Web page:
"You are charming," replied Selby, astonished at his own audacity, but the studio rose as one man, shouting: "He has done well! he's all right!" while the model, laughing, kissed her hand to him and cried: "À demain beau jeune homme!"
All that week Selby worked at the studio unmolested. The French students christened him "l'Enfant Prodigue," which was freely translated, "The Prodigious Infant," "The Kid," "Kid Selby," and "Kidby." But the disease soon ran its course from "Kidby" to "Kidney," and then naturally to "Tidbits," where it was arrested by Clifford's authority and ultimately relapsed to "Kid."
Wednesday came, and with it M. Boulanger. For three hours the students writhed under his biting sarcasms,—among the others Clifford, who was informed that he knew even less about a work of art than he did about the art of work. Selby was more fortunate. The professor examined his drawing in silence, looked at him sharply, and passed on with a non-committal gesture. He presently departed arm in arm with Bouguereau, to the relief of Clifford, who was then at liberty to jam his hat on his head and depart.
The next day he did not appear, and Selby, who had counted on seeing him at the studio, a thing which he learned later it was vanity to count on, wandered back to the Latin Quarter alone.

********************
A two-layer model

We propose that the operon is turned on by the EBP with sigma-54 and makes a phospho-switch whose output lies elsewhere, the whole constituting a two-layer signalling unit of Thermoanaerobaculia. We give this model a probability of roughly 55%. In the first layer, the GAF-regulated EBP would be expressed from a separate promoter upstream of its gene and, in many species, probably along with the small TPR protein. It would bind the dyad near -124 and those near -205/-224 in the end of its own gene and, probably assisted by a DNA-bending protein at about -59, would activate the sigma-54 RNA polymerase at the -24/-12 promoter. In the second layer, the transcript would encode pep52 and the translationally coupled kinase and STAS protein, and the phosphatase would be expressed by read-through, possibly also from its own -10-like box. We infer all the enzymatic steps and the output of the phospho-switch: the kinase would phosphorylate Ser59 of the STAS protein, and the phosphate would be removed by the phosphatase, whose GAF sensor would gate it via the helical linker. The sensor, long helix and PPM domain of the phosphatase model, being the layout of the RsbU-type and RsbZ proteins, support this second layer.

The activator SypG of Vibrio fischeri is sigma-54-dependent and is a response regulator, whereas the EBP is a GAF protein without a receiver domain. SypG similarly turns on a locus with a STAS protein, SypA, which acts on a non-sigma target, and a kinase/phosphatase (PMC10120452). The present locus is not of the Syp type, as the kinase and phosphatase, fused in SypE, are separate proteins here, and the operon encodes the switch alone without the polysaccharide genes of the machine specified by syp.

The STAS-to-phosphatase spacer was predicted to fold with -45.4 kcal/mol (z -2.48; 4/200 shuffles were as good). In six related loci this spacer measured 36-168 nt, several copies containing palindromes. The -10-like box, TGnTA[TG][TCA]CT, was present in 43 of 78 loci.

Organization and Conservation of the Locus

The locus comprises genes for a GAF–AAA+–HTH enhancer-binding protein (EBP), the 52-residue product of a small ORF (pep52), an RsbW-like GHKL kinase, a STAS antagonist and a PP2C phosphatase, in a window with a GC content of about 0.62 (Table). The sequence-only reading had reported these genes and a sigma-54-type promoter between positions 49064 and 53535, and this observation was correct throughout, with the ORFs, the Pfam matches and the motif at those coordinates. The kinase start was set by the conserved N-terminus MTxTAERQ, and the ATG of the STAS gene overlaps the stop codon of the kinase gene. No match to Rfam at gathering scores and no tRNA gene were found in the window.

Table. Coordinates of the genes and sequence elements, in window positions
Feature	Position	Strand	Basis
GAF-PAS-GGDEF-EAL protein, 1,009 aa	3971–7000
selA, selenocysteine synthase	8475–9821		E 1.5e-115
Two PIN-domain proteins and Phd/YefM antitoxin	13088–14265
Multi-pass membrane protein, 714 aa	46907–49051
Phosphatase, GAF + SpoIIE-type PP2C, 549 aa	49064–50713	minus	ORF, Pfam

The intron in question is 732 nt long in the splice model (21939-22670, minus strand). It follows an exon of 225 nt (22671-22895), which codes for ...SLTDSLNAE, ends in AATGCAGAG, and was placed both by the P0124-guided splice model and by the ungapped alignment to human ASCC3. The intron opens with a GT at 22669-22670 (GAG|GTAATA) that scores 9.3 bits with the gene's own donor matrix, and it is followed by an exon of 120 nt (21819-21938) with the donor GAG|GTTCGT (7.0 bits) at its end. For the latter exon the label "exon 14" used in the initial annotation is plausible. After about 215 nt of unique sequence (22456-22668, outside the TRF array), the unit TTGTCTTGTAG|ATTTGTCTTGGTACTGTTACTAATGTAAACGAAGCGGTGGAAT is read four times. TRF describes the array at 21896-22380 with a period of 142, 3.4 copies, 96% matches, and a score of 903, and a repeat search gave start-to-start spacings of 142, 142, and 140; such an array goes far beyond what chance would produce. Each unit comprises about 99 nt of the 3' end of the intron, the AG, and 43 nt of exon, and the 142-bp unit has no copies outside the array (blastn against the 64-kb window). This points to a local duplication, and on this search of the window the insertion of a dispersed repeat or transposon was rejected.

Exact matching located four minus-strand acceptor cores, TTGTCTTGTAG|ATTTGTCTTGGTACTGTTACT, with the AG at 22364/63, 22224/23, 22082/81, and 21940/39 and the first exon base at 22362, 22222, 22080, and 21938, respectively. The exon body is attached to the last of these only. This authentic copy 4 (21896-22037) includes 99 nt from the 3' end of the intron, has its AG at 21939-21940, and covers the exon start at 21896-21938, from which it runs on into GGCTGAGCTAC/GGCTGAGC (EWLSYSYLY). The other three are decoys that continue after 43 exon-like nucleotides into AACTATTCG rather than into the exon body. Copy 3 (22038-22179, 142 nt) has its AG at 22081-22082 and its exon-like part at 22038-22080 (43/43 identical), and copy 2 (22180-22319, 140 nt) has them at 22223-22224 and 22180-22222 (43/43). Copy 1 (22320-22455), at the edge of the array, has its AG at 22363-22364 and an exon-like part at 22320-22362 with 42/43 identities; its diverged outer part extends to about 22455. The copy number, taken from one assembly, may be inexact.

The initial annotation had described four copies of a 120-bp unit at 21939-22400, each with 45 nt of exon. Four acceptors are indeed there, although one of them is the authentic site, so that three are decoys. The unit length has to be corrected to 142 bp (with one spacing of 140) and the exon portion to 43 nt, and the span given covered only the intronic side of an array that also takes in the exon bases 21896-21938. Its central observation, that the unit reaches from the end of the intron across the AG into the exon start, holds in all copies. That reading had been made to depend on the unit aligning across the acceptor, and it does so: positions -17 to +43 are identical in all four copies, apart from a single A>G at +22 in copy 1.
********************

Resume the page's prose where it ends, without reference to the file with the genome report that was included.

Paris was still strange and new to him. He was vaguely troubled by its splendour. No tender memories stirred his American bosom at the Place du Châtelet, nor even by Notre Dame. The Palais de Justice with its clock and turrets and stalking sentinels in blue and vermilion, the Place St. Michel with its jumble of omnibuses and ugly water-spitting griffins, the hill of the Boulevard St. Michel, the tooting trams, the policemen dawdling two by two, and the table-lined terraces of the Café Vacehett were nothing to him, as yet, nor did he even know, when he stepped from the stones of the Place St. Michel to the asphalt of the Boulevard, that he had crossed the frontier and entered the student zone,—the famous Latin Quarter.